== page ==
Rational use of electricity within buildings is currently very important as energy becomes more expensive and excessive energy use is suspected to contribute significantly to climate change.1 Electric lighting is responsible for up to one third of an office building's electricity needs,2,3 yet daylight generates outdoor illuminances that often exceed that required for rooms in offices by several orders of magnitude. To harness this energy, various novel daylighting technologies have been developed in recent decades. However, complementary electric lighting will never become completely redundant. To benefit from the illumination offered by advanced daylighting systems and achieve electricity savings, appropriate integration of lighting systems is required.
Figure 1. Façade-integrated anidolic daylighting systems (ADS) installed in the southern offices of the Solar Energy and Building Physics Laboratory (LESO) solar experimental building in Lausanne, Switzerland. Daylight collected from the sky vault is redirected onto the room's diffuse ceiling by a single anidolic element.
By using dimmable electric lighting systems that automatically reduce flux when sufficient daylight is available, significant amounts of energy can be conserved.3,4 In addition, efficient optical components and an optimally sized overall electric lighting system should also be used. The Green Lighting research project at the Swiss Federal Institute of Technology in Lausanne (EPFL), aims to develop integrated day- and electric lighting systems for offices that lead to lighting power densities (LPDs) lower than 4W/m2. The LPD is calculated by dividing the overall connected power of an electric lighting system by the floor area of the office under consideration.
The main idea behind the Green Lighting project is to combine anidolic daylighting systems5 (ADS) with highly efficient light sources and luminaires using advanced control strategies. ADS are very effective façade-integrated daylighting systems designed following the principles of non-imaging optics.6 ADS typically collect a maximum flux of daylight outside the building and redistribute it deep into a room using a minimum number of reflections.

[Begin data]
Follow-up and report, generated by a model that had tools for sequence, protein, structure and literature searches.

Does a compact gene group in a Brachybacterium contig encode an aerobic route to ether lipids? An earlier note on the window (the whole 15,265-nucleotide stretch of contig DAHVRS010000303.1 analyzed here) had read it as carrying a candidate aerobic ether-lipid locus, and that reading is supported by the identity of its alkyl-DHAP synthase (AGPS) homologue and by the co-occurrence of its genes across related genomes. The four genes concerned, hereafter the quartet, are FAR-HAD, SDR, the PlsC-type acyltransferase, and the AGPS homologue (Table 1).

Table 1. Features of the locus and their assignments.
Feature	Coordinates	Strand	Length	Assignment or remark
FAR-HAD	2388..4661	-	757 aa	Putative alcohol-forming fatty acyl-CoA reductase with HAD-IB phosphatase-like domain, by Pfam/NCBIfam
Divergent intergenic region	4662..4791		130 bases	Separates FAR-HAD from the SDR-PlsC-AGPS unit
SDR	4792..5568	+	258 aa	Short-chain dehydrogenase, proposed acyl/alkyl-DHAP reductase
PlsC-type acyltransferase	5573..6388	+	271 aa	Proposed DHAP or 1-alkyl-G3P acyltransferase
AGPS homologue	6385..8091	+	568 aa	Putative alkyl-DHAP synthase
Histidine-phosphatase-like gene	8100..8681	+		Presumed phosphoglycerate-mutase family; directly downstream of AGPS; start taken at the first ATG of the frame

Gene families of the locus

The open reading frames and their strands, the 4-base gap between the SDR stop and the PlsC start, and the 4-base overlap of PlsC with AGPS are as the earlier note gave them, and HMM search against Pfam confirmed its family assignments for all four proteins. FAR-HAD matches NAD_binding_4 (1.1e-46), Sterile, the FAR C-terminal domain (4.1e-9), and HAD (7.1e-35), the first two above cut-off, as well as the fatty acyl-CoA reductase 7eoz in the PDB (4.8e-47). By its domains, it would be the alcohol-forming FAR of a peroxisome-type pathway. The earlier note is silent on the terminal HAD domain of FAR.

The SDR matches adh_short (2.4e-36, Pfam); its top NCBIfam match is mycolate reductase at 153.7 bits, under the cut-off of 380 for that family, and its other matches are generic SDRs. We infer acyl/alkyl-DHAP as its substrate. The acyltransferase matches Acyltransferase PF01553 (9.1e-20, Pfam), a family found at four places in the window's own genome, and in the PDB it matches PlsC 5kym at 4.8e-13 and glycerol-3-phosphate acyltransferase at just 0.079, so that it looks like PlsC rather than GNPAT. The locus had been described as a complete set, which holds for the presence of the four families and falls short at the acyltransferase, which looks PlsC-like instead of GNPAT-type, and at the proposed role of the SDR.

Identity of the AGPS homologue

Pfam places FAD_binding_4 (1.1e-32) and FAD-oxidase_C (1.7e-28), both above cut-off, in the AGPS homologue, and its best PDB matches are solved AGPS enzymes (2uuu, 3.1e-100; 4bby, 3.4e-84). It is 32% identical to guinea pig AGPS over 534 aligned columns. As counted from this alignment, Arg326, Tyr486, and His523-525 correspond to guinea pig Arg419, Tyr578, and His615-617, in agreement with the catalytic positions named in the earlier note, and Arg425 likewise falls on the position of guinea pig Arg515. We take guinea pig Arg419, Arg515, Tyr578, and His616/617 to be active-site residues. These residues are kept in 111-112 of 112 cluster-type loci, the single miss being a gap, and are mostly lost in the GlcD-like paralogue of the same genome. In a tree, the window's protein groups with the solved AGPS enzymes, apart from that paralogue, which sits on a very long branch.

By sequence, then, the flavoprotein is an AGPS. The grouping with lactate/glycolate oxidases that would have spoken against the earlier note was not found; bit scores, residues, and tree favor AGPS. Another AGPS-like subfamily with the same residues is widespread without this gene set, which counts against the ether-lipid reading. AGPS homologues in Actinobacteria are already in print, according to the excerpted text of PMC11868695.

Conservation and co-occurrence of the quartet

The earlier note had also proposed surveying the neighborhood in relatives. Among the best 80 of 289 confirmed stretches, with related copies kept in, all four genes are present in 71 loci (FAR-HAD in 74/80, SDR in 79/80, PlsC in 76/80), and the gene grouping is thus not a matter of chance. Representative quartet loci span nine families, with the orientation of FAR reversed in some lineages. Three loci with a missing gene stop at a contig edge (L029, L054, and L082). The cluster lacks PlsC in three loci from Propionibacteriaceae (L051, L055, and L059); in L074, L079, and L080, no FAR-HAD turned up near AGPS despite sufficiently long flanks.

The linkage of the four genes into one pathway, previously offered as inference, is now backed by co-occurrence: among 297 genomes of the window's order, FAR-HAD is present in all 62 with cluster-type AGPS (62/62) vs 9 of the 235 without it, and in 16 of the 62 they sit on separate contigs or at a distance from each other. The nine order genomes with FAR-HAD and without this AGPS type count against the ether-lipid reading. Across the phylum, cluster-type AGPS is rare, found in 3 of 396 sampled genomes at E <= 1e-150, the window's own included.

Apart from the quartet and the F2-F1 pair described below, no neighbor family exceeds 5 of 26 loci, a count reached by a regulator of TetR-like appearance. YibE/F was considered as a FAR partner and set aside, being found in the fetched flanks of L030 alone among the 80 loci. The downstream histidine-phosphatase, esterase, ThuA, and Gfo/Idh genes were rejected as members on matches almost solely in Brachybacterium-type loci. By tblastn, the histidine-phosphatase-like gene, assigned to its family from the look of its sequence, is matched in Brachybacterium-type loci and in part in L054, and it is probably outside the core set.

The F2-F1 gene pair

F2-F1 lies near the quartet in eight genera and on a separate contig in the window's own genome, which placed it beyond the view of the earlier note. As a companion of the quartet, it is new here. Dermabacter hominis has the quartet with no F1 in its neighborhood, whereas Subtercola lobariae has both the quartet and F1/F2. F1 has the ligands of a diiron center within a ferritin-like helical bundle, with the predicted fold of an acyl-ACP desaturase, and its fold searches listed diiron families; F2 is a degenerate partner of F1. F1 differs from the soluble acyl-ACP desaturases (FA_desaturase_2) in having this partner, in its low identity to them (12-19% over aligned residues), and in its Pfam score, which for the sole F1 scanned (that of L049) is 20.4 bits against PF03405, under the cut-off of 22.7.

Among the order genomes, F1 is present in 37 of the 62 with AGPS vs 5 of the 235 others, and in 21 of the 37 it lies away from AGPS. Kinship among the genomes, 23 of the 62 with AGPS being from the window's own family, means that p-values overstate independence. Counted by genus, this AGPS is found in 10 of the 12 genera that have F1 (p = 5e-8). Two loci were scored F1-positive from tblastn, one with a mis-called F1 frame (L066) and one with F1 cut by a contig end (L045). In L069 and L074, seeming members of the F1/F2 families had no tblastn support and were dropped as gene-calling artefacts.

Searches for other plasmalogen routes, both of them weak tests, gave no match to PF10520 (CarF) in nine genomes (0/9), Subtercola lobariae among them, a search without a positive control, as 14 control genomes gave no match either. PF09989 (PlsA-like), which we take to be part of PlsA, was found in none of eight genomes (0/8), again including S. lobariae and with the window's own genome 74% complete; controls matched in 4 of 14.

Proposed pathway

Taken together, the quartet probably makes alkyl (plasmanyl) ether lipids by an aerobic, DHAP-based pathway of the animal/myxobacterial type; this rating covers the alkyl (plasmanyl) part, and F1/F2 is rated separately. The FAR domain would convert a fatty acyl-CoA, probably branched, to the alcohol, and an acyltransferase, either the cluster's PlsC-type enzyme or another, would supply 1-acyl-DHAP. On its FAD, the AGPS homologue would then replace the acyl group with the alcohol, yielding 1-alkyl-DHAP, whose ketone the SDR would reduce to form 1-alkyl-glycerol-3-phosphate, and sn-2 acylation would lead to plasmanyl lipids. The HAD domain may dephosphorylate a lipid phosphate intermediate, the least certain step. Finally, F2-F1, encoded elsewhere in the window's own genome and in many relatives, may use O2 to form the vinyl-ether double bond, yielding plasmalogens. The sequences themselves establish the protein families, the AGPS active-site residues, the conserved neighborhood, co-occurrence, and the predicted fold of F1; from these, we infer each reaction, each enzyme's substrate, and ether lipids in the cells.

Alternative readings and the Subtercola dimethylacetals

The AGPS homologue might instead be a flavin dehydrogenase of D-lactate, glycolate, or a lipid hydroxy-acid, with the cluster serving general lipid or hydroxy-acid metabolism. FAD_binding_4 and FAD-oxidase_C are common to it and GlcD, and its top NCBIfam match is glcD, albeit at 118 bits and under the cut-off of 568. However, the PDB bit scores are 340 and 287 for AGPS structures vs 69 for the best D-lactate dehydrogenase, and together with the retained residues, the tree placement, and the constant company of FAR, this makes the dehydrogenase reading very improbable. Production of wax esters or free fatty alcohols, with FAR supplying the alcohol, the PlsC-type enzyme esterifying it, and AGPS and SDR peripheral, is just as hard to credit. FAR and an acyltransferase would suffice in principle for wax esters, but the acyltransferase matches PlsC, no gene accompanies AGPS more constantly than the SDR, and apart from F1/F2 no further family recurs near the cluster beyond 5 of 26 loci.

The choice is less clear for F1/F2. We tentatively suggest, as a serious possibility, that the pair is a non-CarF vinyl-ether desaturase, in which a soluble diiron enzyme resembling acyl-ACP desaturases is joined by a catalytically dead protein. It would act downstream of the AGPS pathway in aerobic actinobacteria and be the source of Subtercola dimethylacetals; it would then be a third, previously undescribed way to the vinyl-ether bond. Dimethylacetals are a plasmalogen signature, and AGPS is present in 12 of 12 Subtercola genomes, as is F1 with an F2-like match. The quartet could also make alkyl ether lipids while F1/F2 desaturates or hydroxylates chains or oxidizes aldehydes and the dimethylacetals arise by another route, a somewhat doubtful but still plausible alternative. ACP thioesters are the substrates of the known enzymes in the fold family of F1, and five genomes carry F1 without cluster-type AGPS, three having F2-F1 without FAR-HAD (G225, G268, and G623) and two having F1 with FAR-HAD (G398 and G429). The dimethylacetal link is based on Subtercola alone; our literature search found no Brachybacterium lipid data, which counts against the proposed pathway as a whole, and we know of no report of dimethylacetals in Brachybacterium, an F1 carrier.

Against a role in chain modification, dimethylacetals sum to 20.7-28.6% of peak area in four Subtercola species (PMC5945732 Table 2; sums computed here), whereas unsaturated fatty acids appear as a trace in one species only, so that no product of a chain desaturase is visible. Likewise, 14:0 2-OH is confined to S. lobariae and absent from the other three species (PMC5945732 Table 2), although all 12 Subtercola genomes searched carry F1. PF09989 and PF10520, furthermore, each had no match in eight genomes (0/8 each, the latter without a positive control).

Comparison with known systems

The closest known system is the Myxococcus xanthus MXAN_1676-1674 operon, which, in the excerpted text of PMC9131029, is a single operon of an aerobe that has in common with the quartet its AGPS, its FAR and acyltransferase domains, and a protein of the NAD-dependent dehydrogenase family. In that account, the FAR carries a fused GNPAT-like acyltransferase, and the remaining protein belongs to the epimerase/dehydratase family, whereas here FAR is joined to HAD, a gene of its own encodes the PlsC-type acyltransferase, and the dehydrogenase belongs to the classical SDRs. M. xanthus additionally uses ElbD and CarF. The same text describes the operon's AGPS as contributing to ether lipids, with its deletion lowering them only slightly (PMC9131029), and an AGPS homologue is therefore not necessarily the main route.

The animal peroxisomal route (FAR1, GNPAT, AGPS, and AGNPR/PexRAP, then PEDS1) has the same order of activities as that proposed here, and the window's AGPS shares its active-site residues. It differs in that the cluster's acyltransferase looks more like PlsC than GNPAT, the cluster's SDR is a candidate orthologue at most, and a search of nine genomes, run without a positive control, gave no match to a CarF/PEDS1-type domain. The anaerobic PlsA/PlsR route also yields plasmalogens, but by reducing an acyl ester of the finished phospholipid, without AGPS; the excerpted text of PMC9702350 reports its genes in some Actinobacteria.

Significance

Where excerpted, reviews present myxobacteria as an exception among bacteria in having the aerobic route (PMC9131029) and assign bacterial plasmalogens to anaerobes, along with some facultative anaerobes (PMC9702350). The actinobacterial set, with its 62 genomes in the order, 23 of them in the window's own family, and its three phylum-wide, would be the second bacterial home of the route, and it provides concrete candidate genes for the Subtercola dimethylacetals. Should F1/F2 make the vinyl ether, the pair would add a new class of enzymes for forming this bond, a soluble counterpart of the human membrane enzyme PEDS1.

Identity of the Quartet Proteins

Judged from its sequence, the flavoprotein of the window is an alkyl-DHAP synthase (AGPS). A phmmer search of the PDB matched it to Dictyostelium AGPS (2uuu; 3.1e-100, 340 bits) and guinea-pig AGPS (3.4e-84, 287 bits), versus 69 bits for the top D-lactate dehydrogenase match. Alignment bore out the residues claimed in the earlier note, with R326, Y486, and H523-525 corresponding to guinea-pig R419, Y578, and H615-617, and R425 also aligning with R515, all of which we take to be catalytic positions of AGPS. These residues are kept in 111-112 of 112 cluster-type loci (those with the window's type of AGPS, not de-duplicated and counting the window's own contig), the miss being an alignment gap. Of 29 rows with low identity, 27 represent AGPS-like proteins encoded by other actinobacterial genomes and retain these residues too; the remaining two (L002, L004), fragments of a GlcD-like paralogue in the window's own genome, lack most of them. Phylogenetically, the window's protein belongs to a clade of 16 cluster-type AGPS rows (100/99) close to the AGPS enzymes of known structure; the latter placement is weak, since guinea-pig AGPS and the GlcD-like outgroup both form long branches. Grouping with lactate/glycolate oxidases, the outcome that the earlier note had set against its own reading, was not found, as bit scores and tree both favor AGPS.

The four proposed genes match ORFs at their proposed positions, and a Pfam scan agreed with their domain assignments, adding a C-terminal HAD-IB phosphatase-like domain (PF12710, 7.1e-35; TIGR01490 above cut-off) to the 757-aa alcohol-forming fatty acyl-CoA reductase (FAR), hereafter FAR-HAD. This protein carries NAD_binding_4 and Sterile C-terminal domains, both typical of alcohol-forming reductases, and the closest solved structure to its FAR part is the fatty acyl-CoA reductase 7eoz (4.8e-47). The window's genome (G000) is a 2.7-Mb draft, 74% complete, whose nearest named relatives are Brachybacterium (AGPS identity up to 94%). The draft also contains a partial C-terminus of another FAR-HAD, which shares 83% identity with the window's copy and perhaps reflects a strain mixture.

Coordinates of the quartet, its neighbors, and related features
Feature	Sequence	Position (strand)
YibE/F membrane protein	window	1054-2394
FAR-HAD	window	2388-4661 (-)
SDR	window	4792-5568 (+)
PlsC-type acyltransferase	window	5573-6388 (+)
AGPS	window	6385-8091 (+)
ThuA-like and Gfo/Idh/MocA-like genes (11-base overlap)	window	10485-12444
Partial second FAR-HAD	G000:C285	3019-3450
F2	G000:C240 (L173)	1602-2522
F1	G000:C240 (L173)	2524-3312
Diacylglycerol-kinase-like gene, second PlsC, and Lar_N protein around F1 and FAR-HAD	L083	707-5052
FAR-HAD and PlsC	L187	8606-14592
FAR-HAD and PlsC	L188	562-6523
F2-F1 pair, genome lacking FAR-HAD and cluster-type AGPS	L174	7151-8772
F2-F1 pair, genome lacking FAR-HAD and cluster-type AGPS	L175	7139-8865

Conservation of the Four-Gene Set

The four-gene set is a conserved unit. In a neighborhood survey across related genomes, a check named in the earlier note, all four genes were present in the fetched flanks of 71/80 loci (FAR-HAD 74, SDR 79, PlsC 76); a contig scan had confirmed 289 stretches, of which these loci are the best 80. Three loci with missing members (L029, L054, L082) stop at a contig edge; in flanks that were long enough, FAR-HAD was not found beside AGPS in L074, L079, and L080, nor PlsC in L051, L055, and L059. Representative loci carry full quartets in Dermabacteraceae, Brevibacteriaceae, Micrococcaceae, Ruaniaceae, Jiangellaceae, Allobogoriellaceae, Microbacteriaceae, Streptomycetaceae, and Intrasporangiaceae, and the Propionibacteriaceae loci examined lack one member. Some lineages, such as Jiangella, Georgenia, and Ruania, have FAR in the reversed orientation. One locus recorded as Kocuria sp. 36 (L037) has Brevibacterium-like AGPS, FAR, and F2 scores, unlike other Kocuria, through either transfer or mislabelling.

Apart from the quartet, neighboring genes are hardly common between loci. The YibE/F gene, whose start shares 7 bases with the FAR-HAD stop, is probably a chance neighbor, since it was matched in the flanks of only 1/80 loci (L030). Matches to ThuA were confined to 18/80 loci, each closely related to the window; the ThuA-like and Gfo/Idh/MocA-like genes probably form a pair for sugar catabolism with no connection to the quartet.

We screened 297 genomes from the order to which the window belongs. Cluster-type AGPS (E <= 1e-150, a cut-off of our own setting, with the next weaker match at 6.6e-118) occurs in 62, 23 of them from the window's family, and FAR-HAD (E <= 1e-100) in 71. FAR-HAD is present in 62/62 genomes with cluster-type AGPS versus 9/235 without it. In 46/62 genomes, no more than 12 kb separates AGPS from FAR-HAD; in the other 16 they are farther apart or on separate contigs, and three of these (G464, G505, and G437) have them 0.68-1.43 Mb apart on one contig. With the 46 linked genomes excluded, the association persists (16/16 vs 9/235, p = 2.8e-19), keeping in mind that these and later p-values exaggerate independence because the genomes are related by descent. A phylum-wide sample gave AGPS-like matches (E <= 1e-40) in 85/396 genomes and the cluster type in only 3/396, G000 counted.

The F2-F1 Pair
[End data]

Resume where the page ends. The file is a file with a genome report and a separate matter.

Inside view of a south-facing LESO office equipped with the ADS shown in Figure 1
The south-facing offices of the Solar Energy and Building Physics Laboratory (LESO), located on the EPFL campus, are equipped with the ADS, as shown in Figures 1 and 2. The daylight factors (outside illuminance over inside illuminance, expressed as a percentage) for offices equipped with these systems reach 6.5% beside the windows, 5% in the center of the room (2m from windows), and 2% at the rear (4m from windows).7 The LPDs of the offices are very uneven, ranging from 4.5W/m2 to 13.7W/m2, with an average of 9.1W/m2. Figure 3 presents the LPDs for 15 different LESO offices as well as the main reasons for differences between them.8
Figure 3. Lighting power densities of 15 LESO offices. Use of incandescent light bulbs, excessive indirect lighting, and slightly oversized ambient lighting lead to an average of 9.1W/m2. Best practice offices have lighting power densities slightly lower than 5W/m2. Additional power consumption due to electronic gear has not been taken into account.
A post-occupancy evaluation study based on user satisfaction questionnaires was recently conducted in the LESO building. It showed that occupants of `best practice’ offices with LPDs around 5W/m2 are as satisfied with their lighting environments as occupants in offices with more powerful lighting installations.8 We have therefore decided to take the lighting conditions within the best practice offices as a starting point for the development of novel lighting strategies with even lower LPDs.